Matthew Rosenberg Believes That Smart Design Can Solve Universal Problems—Including COVID-19

Innovative architecture design firm M-Rad proposed a COVID mobile testing unit. Now Beyonce’s BeyGOOD charity is putting it into action.

By Kelly Phillips Badal

In the earliest days of the COVID-19 pandemic, the World Health Organization called for partners in envisioning health solutions that remain critically important, like PPE and testing units. That’s exactly the sort of challenge Matthew Rosenberg loves. He founded his experientially-focused, sustainably-minded architecture and design firm M-Rad with the tagline, “we provide bespoke solutions to universal problems.” And COVID-19, right now, is not only a universal problem, it’s the universal problem. 

Rosenberg’s team was already experienced in creating mobile and pre-fab homes—for instance, the hip “glamping” mobile camps they designed with Autocamp near Yosemite are tough-to-score reservations right now—so they drew on this knowledge to come up with a potential solution to an immediate issue: Getting safely and quickly tested for the coronavirus. By late April, M-Rad had proposed a mobile testing unit made of antimicrobial copper, able to travel around the city and test as needed. The idea was to alleviate the strain on local hospitals, particularly those bordering vulnerable communities. “When we proposed these units, L.A. had maybe four testing stations, and it was impossible to get a booking. It was just ridiculous how long it was taking,” Rosenberg recalls. “And those testing areas were hard to get to, so if you’re living in a lower income area, maybe you’d have to travel an hour on public transit, at a time when you're not supposed to be around anybody.” This unit, he imagined, could travel wherever needed—allowing communities of people to shelter in place as directed—and could be affordably built within nine weeks for under $40K. Eventually, in the post-COVID world, it could be used as a mobile delivery system to solve some other future urban and low-income problems. “These are really a passion project for us,” Rosenberg says.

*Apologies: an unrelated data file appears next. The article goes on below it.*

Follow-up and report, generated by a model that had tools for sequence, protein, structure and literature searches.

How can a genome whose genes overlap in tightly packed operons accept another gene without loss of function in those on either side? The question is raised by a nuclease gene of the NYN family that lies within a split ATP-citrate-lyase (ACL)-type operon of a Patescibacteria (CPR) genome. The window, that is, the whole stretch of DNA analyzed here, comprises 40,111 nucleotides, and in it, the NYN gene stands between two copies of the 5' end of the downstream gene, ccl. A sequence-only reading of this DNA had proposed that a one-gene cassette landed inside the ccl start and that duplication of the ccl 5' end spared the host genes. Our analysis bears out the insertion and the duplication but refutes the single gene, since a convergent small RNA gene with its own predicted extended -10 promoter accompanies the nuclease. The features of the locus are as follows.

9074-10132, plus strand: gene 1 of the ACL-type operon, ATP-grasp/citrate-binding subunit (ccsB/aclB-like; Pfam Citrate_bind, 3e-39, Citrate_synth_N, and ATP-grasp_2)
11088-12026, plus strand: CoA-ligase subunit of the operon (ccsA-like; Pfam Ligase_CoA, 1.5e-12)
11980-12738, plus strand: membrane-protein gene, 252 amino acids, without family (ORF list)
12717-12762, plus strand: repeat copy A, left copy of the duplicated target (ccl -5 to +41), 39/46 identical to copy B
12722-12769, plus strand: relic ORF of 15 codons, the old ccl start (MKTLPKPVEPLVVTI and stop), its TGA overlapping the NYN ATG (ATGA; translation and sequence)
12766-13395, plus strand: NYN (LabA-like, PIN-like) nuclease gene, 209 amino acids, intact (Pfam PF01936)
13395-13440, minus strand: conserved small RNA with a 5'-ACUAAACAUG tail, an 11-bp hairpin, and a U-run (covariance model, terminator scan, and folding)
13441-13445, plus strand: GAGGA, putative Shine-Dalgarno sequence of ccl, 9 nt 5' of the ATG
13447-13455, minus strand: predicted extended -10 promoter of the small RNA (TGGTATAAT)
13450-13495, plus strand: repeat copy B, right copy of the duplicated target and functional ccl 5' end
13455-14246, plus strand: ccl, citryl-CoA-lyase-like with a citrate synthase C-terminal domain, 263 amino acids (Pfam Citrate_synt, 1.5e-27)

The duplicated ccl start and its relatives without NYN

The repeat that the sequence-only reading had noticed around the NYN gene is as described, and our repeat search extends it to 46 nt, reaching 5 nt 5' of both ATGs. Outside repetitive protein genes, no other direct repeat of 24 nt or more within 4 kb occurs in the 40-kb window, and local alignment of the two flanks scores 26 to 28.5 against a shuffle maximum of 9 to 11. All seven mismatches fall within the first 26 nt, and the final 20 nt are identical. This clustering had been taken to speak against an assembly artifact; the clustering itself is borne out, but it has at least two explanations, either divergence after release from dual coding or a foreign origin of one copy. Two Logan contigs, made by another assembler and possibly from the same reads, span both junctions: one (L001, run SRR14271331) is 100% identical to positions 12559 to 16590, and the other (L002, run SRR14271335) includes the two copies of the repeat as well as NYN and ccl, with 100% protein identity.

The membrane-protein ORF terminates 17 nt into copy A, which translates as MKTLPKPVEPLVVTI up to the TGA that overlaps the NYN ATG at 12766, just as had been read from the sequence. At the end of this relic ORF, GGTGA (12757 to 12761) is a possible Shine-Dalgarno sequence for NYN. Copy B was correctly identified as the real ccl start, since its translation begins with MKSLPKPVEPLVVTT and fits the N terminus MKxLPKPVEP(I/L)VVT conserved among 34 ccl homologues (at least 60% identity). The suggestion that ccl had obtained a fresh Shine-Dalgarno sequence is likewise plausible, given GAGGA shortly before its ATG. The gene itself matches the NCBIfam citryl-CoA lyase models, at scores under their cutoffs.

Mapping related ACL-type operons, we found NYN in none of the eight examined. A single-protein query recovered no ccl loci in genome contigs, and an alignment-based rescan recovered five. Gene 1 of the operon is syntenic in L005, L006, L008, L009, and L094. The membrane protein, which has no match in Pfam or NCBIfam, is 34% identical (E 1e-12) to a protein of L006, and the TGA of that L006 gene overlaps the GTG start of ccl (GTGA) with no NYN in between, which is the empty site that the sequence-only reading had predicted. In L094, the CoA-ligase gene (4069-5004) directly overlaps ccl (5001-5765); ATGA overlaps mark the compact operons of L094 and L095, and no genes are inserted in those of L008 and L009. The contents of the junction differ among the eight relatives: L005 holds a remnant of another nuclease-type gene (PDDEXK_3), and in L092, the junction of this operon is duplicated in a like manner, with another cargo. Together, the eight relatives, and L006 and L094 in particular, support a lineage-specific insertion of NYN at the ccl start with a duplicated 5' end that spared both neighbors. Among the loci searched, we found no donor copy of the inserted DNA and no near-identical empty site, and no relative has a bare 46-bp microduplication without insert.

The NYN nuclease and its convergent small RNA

There was definite interest right off the bat. Rosenberg spoke with L.A. mayor Eric Garcetti, he spoke with California governor Gavin Newsom, he spoke with a bunch of other private establishments. Unfortunately, none of those conversations translated into funding the build of the units. That is, until someone from Houston, TX called...and kept persistently calling for 48 hours until Rosenberg called back. It turned out to be a representative from Beyoncé’s BeyGOOD initiative, wanting M-Rad’s mobile testing units fabricated and sent there, ASAP.

Beyoncé, in case you’re unaware, was born and raised in Houston; her mother Tina Knowles has lately created the initiative #IDIDMYPART to encourage residents, especially in the Black community, to get tested. Rosenberg isn’t yet sure exactly how and when the M-Rad-designed units will be used there, mainly because they were delivered just as Hurricane Laura made landfall. “They arrived, but then everyone buckled down,” sighs Rosenberg. “But they should be launching soon, and we’re pretty excited. We don’t really make any money or anything, but we’re dedicating all our design work for, hopefully, some social good in this case.” 

Social good and problem-solving are really at the heart of what M-Rad does. And they take on a lot. Though the company is still quite young, just in existence since 2013, M-Rad has designed several exclusive members-only clubs—including DTLA’s new Green Street—Ring’s new headquarters in Hawthorne, and dozens of innovative multi-unit residential housing units and jaw-dropping private residences in L.A. and beyond. They’ve also done product design for Ralph Lauren Black, among other custom work. The firm often works in an end-to-end manner, offering architecture, development, products and marketing and branding services to clients. 

“We design to try to change people’s lives for the better, in everything they touch, feel, smell, see and hear,” says Rosenberg. “I believe if you can tap into all those things, you have a pretty good chance of doing that.” The criteria for his firm taking on a project tends to be about pushing the boundaries of what’s possible. “The business is really run around how to find solutions to problems that are relevant all over the world,” says Rosenberg. “We always ask, ‘Is a client doing this just to make a buck or to solve a problem?’ Not everything needs to solve a problem, but if you’re spending five years on something, there has to be a level of innovation and a desire to make things better, no matter what ‘it’ is.”

He’s interested in tackling design for museums, transportation and potentially even for elementary schools in the future. “It’d be really fun to design a school that changes how kids learn, which is now more relevant than ever with all the kids Zooming in to school,” he adds.

And of course, Rosenberg and M-Rad would still be interested in creating more mobile testing units for the city of L.A.—or anywhere else. “The whole point is, how are underprivileged areas in cities being tested and served?” asks Rosenberg. “The truth is, they’re not. You still need a car to go get tested at Dodger Stadium.”

Mayor Garcetti, are you listening?

Photos courtesy of M-Rad

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